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Monday, March 23, 2009

Other voices on confusion in the media about the public interest.

From ABC Radio PM, before the weekend apologies:

Professor of Journalism at UTS, Wendy Bacon:I mean, what could possibly - let's assume the photographs were the photographs of the person they're meant to be - what would be the public interest in publishing photos of someone undressed, you know, many years before?
I can't see in this case there's a public interest argument. If you reduce public interest just to whatever titillates people or whatever is of interest, well then the whole notion of some broader concept of what is in the broader interest absolutely dissolves....

The whole idea behind the journalist code of ethics is this very fundamental thing is that you carry out checks and you attempt to ascertain the truth before you publish. And I would have thought that, particularly in the case of something that was a photograph, everybody knows the potential to doctor it, even if in fact it was a different person in this case and not a doctored photograph, but from years before, one would just be absolutely alert to it. And I think it's also a concern that this is not some junior journalist acting under pressure, this is the editor of a newspaper who has got all these other journalists working underneath him.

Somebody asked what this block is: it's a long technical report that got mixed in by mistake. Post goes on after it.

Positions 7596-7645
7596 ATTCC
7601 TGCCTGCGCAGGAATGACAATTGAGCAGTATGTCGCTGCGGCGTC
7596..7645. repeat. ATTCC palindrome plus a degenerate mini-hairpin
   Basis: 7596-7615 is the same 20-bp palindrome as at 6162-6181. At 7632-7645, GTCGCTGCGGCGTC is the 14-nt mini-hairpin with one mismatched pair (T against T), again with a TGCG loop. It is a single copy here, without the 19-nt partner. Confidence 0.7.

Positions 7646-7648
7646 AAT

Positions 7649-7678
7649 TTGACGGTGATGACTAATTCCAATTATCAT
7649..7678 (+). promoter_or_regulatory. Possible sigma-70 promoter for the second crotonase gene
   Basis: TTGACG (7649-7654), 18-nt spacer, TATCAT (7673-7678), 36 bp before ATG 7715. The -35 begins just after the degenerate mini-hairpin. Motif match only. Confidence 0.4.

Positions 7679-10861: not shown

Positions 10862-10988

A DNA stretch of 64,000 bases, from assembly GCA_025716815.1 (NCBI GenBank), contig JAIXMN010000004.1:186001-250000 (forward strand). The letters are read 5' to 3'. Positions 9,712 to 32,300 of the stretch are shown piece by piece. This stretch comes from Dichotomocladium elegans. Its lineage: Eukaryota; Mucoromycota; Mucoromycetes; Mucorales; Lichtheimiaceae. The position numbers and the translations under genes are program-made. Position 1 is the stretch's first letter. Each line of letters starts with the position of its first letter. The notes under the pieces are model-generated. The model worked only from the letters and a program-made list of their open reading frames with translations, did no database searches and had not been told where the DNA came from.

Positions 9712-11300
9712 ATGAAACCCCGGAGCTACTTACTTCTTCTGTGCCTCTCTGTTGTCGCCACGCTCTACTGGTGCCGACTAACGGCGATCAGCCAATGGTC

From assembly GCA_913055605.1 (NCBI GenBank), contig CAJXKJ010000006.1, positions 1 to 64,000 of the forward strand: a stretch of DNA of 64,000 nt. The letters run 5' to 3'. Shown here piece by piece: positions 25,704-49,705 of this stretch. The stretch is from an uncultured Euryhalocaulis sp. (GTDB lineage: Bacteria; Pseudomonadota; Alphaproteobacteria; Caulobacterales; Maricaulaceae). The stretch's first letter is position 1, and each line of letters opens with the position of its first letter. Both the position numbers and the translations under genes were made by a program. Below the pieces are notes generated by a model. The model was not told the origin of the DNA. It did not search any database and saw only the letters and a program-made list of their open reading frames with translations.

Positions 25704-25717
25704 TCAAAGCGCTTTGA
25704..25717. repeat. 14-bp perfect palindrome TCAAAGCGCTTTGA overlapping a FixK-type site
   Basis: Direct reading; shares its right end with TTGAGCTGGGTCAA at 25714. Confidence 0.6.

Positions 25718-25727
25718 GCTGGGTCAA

David Weisbrot President of the Australian Law Reform Commission: We've seen very poor judgement on the part of editors on what's newsworthy or not. They seem to have - some of them have no understanding of what it means to have a public interest. We've shown that many media proprietors don't have any respect for their own codes, which are supposed to protect privacy, and they argue that we don't need greater regulation because they have industry codes that specify respect for personal grief, for personal privacy and so on. And we've seen in some of those cases as well that there's really no recourse for the victims of serious breaches of their privacy, even in the most outrageous circumstances.

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